Spring work is going on with joyful enthusiasm.” ~ John Muir
The trouble with going away from the garden even for a week in late April is to miss the progression of the Spring bulbs. Having been inert though the winter months, these then appear to rush through their flowering as if all that pent-up waiting propels them from birth to death in a fit of impatience. Hence, I made sure to take some photos before leaving!
Since this is the potted cottage garden I am limited as to what to grow and given that the swathes of mass plantings are impossible, I favour the miniature and demure, including Scillas, Ipeheions but especially the ‘waterlily’ style tulips like Lady Jane. Evidently missing from this collection are the narcissi, so that is something I will amend for next year.
And talking of next year, this will mean splitting up the potted plant collection and re-locating the Japanese plants to the back garden. I will especially miss close inspection of the foliage changes of the tall Acer ‘Sei-ryu which butts up against the living room window (though it will appreciate having its roots in the ground after 20 years!)
Already I am mulling over what to replace the potted acers with, as not many trees tolerate such confinement. I’m probably going to opt for tallish shrubs especially ones that offer some seasonal colour changes or are evergreen. Any ideas appreciated in the comments below.
Climbers are another important addition since height will be lost when the trees go and to that end I already purchased two clematis for here including a white Spring flowering one from New Zealand: ‘early sensation‘. It is only frost hardy so I’ll have to remember to offer it adequate winter protection. More scrambler than climber over Acer ‘Trompenburg‘. It would look just as good growing through lacy black-crimson leaves of one of the smaller Sambucus nigras.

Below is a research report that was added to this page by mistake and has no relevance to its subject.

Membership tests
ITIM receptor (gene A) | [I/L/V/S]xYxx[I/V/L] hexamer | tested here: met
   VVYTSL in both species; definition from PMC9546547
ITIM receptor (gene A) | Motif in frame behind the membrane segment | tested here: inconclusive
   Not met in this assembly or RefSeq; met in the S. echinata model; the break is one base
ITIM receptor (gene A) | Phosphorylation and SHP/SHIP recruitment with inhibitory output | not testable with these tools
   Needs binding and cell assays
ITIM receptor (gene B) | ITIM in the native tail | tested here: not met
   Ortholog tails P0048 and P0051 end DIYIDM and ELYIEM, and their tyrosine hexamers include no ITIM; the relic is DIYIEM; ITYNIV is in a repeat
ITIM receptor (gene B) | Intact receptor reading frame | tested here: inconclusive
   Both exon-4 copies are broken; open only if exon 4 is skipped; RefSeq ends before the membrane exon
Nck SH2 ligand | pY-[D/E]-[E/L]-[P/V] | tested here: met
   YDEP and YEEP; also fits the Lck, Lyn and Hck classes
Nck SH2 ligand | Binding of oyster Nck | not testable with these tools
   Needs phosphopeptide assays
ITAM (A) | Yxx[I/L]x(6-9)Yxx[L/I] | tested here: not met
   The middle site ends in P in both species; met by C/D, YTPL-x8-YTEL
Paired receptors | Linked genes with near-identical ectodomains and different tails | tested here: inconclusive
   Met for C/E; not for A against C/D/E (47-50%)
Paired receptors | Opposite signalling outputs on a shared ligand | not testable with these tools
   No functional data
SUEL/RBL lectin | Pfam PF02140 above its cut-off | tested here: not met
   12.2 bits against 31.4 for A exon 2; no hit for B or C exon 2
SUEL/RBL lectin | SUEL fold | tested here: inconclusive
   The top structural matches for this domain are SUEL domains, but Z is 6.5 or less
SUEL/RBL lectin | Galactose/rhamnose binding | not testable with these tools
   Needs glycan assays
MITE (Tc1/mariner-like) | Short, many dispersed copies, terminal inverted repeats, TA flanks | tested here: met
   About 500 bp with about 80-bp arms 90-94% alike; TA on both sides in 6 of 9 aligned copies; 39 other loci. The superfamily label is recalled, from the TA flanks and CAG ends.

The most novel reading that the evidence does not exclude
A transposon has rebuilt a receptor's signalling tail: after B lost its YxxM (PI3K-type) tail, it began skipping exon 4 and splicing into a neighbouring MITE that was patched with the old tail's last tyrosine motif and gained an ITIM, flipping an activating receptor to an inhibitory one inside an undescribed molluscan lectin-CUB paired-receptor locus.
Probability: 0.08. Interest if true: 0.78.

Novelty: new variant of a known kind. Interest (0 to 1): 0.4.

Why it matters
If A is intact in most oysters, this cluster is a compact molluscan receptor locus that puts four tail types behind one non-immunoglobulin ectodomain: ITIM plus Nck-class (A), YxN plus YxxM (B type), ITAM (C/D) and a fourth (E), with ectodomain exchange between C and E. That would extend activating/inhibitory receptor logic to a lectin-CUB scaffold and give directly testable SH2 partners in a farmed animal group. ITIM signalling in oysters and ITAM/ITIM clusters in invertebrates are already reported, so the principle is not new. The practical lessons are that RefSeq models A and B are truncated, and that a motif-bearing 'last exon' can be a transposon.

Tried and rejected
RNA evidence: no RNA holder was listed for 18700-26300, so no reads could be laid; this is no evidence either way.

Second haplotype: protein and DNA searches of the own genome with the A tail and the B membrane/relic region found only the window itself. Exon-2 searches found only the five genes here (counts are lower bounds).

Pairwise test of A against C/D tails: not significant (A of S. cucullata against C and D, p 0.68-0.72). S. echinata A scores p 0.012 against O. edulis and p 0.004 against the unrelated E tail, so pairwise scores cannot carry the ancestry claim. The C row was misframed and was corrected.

For the last couple of weeks I’ve hardly had time to look at the plants, having been busy doing more landscaping jobs in the back garden. Evidently it’s not just the flowers that are getting away from me but also the foliage plants – hostas have gone from just nosing above ground to unfurled leaves, particularly the gigantic and impressive ‘Empress Wu‘. I’ve also finally rescued two hostas that were squeezed in with two youngish Sarcococcas -‘H patriot‘ and H.’ventricosa‘ (another large variety and one I bought as a tiny plantlet without knowings its name or destiny!). This then meant that the Sarcococcas needed planting and so they, along with others I had potted, have been the first to put down roots in the back garden – but that is for another post!
7 thoughts on “Getting away”
You have some interesting plants. I love the white viola and ‘heavenly cloud’ and also that dark hydrangea. Now that’s a plant I should be able to grow here. I disposed of my poor hosta last year having watched it suffer since moving to Cornwall. However, I then purchased three ‘Blue Mouse Ears’ which are of a thicker ‘skin’ and therefore less prone to S&S damage. The jury is still out on that one…
the dark hydrangea ‘seiryu’ is in its spring foliage – like the red acer, it turns green with the summer. I simply dare not plant the hostas but potted have managed to keep the worst of slug depredation at bay. My hosta ‘dream queen’ is also of the thicker leaved variety – -double the chromosomes apparently and is supposed to be less inviting to gastropods. I love mouse ears (on my wish list) and they too look very cute in a small pot
I must buy a couple of small cute pots – I have placed one of the mouse ears in the woodland border to see how it fares, a couple of nibbles so far.
I used to follow Carolyn’s shade garden and I think I remember her growing mouse ear hostas in a strawberry planter – you might like to look at her miniature hosta collection and some planting ideas here
Thanks Laura. I shall definitely pop over for a visit.
That Trompenburg pic with the rain drops 😍. The sea thrift looks almost like a Scabiosa.
made for each other ❤ I see what you mean about the similarity – if only the sea thrift was as much as a magnet for bees and butterflies – still it flowers for ages, with lots of bloom and looks even lovelier in its macro detail
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